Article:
An interview with Daniel Bigos, Gabriel Dymowski, Marcin Lorenc and Piotr Żelazko, members of the DoxyChain team (formerly DigiDocs), which took second place in the Polish phase of the Global Legal Hackathon.
Justyna Zandberg-Malec: Your project took second place in the Global Legal Hackathon. What is your solution all about?
Marcin Lorenc: We proposed basing powers of attorney for litigation, and in the future also other documents, on the secure blockchain technology. Using our application, which we are now perfecting, it will be possible to appoint or dismiss an attorney, as well as manage the circulation of powers of attorney and access the history of operations. The principal will know where his authorisation was used and who is the actual attorney in the given case. Lawyers in Poland use the right of substitution, passing on the representation of the principal to a colleague, which means that the principal doesn’t always know for sure who is actually representing him. In turn, the attorney may not remember all the cases where he was appointed to represent the client. Our solution comprehensively resolves the problem of such documents.
Continue reading “Powers of attorney (and more) on blockchain”
An interview with Karol Kłaczyński, Agnieszka Poteralska, Artur Tanona and Maciej Zalewski, members of the team that won first place in the Polish phase of the Global Legal Hackathon.
You won the Polish phase of the Global Legal Hackathon with a solution that you yourselves describe as “a plug-in to Word,” but which has the chance to truly expedite the work of lawyers. What is your concept all about?
Karol Kłaczyński: InteliLex provides quick access to the document database created at the given organisation. In our discussions with lawyers this problem often comes up. The knowledge exists, it has been developed, but searching for it is time-consuming and inefficient. InteliLex helps improve the efficiency of the search.
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The Global Legal Hackathon last weekend (23–25 February 2018) offered an excellent opportunity to grasp the potential that can be released from cooperation between lawyers and IT specialists. Legal Tech solutions are more than just technological novelties. They are solutions that can protect our legal system against a serious crisis.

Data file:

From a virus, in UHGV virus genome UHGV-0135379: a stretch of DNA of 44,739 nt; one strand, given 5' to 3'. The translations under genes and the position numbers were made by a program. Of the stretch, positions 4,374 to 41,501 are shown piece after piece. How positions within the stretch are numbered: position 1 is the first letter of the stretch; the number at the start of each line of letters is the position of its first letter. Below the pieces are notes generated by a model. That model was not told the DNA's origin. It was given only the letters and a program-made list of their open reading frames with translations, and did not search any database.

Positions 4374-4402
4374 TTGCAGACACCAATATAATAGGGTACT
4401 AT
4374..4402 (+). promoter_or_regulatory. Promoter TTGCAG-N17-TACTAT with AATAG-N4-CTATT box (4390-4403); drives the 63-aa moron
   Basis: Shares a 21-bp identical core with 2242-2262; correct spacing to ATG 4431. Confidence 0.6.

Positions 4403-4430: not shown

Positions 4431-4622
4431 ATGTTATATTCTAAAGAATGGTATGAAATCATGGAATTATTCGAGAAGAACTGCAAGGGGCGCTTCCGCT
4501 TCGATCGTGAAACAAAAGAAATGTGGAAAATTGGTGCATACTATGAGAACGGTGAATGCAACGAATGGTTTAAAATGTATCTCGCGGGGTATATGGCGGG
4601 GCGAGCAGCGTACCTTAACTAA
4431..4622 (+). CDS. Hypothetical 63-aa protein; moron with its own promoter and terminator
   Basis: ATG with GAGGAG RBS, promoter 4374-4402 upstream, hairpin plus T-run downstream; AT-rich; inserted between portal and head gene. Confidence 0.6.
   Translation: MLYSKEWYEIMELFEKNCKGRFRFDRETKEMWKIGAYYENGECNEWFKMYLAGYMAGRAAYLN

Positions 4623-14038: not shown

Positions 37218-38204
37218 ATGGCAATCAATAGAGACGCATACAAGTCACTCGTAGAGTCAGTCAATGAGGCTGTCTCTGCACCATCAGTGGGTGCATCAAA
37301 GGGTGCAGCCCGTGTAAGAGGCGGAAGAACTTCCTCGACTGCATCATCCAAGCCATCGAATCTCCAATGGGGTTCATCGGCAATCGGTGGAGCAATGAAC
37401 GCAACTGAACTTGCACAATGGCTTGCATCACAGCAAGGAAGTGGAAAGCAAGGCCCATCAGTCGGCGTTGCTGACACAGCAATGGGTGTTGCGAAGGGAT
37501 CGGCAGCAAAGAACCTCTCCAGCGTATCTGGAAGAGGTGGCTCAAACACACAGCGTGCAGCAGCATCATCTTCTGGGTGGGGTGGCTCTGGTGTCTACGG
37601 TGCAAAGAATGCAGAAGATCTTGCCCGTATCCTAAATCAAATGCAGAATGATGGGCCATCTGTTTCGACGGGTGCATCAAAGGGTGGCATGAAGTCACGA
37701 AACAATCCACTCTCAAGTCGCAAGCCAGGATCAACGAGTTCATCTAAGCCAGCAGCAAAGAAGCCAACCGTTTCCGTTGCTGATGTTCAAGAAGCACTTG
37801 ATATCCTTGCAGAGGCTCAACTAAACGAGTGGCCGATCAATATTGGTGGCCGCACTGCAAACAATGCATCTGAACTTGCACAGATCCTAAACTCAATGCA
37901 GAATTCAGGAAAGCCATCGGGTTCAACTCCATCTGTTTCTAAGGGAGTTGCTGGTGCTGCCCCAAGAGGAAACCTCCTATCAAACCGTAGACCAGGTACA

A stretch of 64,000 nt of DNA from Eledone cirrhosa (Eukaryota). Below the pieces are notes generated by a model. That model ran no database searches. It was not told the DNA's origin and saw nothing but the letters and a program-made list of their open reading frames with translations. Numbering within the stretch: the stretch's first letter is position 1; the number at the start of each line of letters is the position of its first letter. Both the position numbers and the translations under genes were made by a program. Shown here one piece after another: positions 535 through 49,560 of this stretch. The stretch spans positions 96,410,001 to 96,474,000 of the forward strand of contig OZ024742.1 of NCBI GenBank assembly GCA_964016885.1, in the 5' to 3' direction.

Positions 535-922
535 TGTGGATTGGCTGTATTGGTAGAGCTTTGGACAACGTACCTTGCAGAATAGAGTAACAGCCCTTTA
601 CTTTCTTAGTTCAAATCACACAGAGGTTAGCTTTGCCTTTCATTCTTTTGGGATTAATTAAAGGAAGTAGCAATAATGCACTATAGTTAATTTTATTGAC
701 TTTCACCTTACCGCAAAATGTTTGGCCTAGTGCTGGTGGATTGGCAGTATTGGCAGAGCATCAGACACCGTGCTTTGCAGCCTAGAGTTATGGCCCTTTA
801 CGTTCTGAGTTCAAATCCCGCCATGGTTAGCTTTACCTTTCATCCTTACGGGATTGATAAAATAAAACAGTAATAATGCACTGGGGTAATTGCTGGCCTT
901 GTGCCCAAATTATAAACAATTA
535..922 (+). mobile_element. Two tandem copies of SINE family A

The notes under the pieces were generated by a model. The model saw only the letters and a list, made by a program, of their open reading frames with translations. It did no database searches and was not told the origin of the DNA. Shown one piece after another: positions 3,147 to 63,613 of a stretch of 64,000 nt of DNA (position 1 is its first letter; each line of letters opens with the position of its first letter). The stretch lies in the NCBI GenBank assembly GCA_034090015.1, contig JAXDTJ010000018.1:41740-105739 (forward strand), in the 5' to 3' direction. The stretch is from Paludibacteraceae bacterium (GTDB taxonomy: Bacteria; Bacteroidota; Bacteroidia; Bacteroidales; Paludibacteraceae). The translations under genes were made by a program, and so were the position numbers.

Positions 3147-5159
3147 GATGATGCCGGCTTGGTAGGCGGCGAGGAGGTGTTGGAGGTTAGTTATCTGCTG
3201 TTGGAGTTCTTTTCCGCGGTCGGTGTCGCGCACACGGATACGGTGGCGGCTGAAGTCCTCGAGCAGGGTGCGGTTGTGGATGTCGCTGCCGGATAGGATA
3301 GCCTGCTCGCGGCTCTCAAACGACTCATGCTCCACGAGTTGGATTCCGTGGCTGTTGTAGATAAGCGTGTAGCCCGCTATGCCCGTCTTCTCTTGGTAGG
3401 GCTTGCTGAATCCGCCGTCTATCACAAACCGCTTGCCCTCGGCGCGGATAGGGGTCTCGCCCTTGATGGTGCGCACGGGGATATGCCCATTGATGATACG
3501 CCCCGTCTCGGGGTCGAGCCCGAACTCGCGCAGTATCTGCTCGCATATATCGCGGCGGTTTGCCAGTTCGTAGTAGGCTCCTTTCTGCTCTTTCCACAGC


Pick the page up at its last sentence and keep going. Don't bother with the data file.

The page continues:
Continue reading “Why do we need Legal Tech? A few thoughts following the Global Legal Hackathon”
Hardly have American and EU legislators enshrined the principle of net neutrality in law, when developments are already gaining strength and openly threatening its survival. The spread of the internet of things will give rise to new challenges to the neutrality principle. However, we should expect that this time the reaction of governments and parliaments will be different. This is because the internet of things makes it impossible to ensure equal treatment for each transfer of data. It is likely that there will be three speeds for data transfers over internet links. Data traffic from specialised services will be privileged, other services will enjoy neutral treatment, while transfers of data from the internet of things may be slowed.
Continue reading “Will the rule of net neutrality survive the arrival of the internet of things?”
Consumers and producers alike complain that labels on food products are hard to understand. Could the solution for crowding in too much information be an electronic label where data of interest to the consumer could be checked using a smartphone app?
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Phrases like “using the cloud,” “software in the cloud,” or “cloud computing” long ago ceased to generate primarily meteorological associations. Our mail hangs in the cloud today, along with various computer programmes—from simpler tools like “GoToMeeting” to complex customer relationship management (CRM) and enterprise resourcing planning (ERP) systems.
Continue reading “Something in the air: Using cloud software”